Ryan McGee, ESPN The Magazine
Jekyll And Ride
Tony Stewart looks at the picture and can't help but laugh. In the photo, he's walking in his white Home Depot firesuit, clearly in a hurry to get to wherever he's going.
"Damn. That's pretty much the look I had on my face all the time back then, wasn't it?" Stewart says. "Just pissed off at everybody." He runs his fingers over his 1999 rookie trading card and glances up at an onlooking sports writer.
"I'm probably looking at you right there, thinking, If this guy walks up and asks me a stupid question, I'm going to punch his ass out."
There are plenty of legendary "Tony tantrum" stories. From 2000 to 2002 alone, he had a caught-on-camera shoving match with driver Robby Gordon, slapped a tape recorder from a reporter's hand and kicked it under a truck, and shoved a photographer inside the garage, drawing a $50,000 fine from then-sponsor Home Depot.
But a decade later, those incidents seem like distant memories. Yes, the tantrums still happen, just not as frequently. He's 40 now, and the years have lengthened his fuse. He's also a team owner, not only representing new sponsors such as Office Depot but also recruiting them.
"It's funny, though," Stewart says. "Back then everyone was screaming for my head on a platter if I didn't change my ways. Now people come up to me and say, 'Dude, you are so boring; we want the old Tony back.' I'm like, 'Really? Y'all can't have it both ways.'"
Welcome to NASCAR's biggest rivalry: the internal struggle of Good vs. Evil. It's a divisive throwdown that rumbles the length of Pit Road. Drivers attempt to uphold the image of all-American boy for the sponsors while still trying to carry on the moonshine-soaked, red, white and blue badass image longtime racing fans have always loved. The two sides create one of the most difficult balance beams in professional sports, one that drivers and their sanctioning body all must walk.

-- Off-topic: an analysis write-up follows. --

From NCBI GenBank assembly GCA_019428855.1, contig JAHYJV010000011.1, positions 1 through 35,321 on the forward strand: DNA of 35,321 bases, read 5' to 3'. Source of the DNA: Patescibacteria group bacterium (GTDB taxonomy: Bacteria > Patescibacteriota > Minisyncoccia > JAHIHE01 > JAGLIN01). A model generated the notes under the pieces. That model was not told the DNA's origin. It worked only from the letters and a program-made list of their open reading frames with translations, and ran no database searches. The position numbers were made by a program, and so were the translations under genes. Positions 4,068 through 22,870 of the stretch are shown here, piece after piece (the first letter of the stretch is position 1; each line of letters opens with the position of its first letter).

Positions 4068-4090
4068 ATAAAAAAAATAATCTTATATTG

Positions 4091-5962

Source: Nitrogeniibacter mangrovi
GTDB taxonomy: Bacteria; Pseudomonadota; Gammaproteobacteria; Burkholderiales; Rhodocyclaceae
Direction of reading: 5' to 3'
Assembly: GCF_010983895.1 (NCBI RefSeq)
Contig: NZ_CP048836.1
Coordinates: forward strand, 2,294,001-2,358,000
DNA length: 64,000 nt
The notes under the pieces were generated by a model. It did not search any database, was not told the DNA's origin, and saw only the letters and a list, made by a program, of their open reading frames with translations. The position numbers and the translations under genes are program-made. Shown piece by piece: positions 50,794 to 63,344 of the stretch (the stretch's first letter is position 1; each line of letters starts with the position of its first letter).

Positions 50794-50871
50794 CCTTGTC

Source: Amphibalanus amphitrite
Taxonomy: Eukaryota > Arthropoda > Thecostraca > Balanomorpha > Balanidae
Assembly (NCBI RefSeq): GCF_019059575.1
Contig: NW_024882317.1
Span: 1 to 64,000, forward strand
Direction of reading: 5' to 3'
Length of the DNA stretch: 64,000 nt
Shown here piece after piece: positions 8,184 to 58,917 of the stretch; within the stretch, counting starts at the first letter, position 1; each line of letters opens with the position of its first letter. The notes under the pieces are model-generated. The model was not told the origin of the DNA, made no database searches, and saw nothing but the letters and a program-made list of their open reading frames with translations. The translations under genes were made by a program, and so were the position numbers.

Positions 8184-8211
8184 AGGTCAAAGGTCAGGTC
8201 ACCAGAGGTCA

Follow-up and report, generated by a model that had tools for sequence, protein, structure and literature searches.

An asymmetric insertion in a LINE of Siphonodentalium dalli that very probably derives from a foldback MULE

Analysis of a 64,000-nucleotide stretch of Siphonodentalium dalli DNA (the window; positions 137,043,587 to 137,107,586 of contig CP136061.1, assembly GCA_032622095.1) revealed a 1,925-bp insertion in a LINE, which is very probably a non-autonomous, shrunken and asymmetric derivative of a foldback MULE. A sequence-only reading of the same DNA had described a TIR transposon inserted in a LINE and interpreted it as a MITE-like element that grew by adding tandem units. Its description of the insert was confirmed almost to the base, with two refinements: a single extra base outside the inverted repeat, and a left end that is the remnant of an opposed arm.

Heading into 2011, NASCAR suffered from an eroding fan base, which felt disconnected from the cookie-cutter cars, tracks and drivers. But after a season that featured 18 different winners, a historic title bout and rising TV ratings, 2012 arrives with a chance to bring back lapsed fans and win over new ones by proving the sport is as edge-of-your-seat as ever. The key will be finding that balance between Jekyll and Ride.
"Be nice but not too nice," says Kevin Harvick, who receives more latitude from his sponsor, Budweiser, and owner, Richard Childress, than most other drivers enjoy. "Be big and tough and mean, but not too big and tough and mean. Good luck with that. It's kind of impossible."
Still, expectations remain – from the people in the grandstands and from the corporate CEOs who pay the bills. The suits don't want Kurt Busch, the former champ who won two races last year but was dumped from his Pennzoil-sponsored Penske Racing ride after a series of F-bomb-laced rants. They also don't want Matt Kenseth, the former champ who grabbed three checkereds in 2011 but is perceived as boring. What do sponsors want? The perfect mix, but they can't seem to agree on the recipe.
Nearly every driver in the Sprint Cup paddock has had at least one public explosion he'd just as soon everyone forget. So have many other pro athletes, but the difference is the number of people who hold them accountable. In NASCAR, one wrong move sets off a chain of phone calls, meetings and discussions on whether there should be public apologies issued to sponsors, the league and even the general public.
"When a stick-and-ball athlete does something stupid, they might have to field a call from someone they endorse," says Greg Biffle, who's had public feuds with Harvick and, most recently, road course specialist Boris Said. "But think about it. They might star in a commercial or wear shoes for that company. We have corporate logos on our bodies nearly 24 hours a day. Sponsors view us like an employee, and we're held accountable like one."